Moose skin bag sewn with sinew

This bag is made from calf moose skin, sewn with sinew and lined with cotton fabric. A smoked, tanned moose hide collar holds a drawstring to pull the bag shut. This kind of bag is often called a meat bag as it was used to carry dry meat to eat while travelling and working on the land.  It was made by Prisque Winlatto for her son, Vital Thomas, when he returned home to the Behchokǫ̀ area from residential school in Fort Resolution about 1916-1918.

Vital Thomas was born in 1904. When Vital was six or seven years old he went to residential school.  He stayed at school for seven years, never going home for a visit. He is remembered as one of the first from his area to go away to school.   A young teenager when he returned to Behchokǫ̀ ,Vital took this bag with him on a trapping trip with an uncle.  A mink paw on the drawstring is from his first animal caught, kept to bring further good luck.

Vital spent his early years at Trout Rock (Enodah) on the North Arm of Great Slave Lake, surrounded by his mother’s brothers and cousins.  He is recorded as saying his mother “worked like a man”, setting nets and fish hooks under the ice. She had her own dogs and drove the team when they went to meet the caribou out towards the tree line. Vital worked for trading companies, driving dogs and running ahead to break trail.  He hunted, trapped and fished, and witnessed Treaty 11 in 1921.  He supported the RCMP for fifteen years as a Special Constable. “In fifteen years I made lots of patrols. I’ve been all around this lake [Great Slave Lake] patrolling by dogs and by boat.”  Vital married Noemi in 1930. They raised their children and fostered others. He staked claims for gold in the Yellowknife area and worked on early mining operations.  Vital was also a consultant to anthropologist June Helm over the course of many years (1962-79), and worked with a number of linguists. Helm recorded his stories and autobiography, and received this meat bag from him sometime between the mid-1960s and mid-1970s. Vital passed away in 1990.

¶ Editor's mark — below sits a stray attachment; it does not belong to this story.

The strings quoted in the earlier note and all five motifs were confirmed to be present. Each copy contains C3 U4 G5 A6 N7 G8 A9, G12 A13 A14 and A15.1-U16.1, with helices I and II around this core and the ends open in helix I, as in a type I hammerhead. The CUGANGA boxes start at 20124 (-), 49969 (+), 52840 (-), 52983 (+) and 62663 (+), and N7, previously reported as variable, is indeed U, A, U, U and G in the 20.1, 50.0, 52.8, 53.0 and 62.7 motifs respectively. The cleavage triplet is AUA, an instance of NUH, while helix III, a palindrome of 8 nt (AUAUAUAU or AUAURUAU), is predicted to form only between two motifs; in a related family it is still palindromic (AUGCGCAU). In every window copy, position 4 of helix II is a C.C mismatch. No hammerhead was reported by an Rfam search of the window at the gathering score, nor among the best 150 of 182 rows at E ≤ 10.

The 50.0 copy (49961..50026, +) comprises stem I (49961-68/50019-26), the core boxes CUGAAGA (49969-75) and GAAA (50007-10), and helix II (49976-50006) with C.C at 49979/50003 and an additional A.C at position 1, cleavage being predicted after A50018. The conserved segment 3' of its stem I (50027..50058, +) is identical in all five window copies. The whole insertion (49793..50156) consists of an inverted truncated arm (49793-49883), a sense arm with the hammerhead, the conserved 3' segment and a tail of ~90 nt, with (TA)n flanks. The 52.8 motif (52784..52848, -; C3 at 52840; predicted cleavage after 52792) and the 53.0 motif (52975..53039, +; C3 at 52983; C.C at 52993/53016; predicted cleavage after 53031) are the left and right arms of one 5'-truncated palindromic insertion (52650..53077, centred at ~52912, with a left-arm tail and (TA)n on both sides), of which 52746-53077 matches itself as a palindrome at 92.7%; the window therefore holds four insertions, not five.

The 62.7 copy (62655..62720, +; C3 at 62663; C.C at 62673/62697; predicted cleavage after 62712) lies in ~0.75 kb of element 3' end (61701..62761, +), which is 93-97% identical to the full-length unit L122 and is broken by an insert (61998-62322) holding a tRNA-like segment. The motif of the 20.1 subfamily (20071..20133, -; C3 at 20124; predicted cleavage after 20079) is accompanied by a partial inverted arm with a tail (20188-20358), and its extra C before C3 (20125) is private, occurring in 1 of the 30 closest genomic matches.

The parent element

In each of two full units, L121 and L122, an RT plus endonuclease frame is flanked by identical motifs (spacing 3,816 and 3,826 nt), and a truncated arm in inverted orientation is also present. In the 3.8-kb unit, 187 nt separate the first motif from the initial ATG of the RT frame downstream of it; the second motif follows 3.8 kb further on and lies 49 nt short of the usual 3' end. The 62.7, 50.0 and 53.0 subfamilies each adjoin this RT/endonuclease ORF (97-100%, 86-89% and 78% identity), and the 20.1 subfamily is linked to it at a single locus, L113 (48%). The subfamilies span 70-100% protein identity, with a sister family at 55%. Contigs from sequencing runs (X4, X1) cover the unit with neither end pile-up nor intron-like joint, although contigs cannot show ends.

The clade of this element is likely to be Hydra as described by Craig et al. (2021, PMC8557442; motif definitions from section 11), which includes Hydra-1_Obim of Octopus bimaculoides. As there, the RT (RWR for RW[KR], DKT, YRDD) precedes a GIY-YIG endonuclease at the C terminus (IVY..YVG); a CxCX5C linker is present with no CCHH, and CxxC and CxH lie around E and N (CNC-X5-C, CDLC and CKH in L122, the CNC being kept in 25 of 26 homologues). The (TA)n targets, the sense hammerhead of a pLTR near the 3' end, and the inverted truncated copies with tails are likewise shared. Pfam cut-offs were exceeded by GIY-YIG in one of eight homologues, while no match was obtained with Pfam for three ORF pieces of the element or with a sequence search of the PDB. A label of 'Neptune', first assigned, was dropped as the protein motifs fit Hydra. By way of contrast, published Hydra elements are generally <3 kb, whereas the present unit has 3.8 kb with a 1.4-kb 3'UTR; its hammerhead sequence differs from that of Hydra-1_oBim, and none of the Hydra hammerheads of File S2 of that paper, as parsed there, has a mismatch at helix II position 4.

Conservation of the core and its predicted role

Object credit:  Prince of Wales Northern Heritage Centre 2000.011.005 
Photo credit:   S.Irving/PWNHC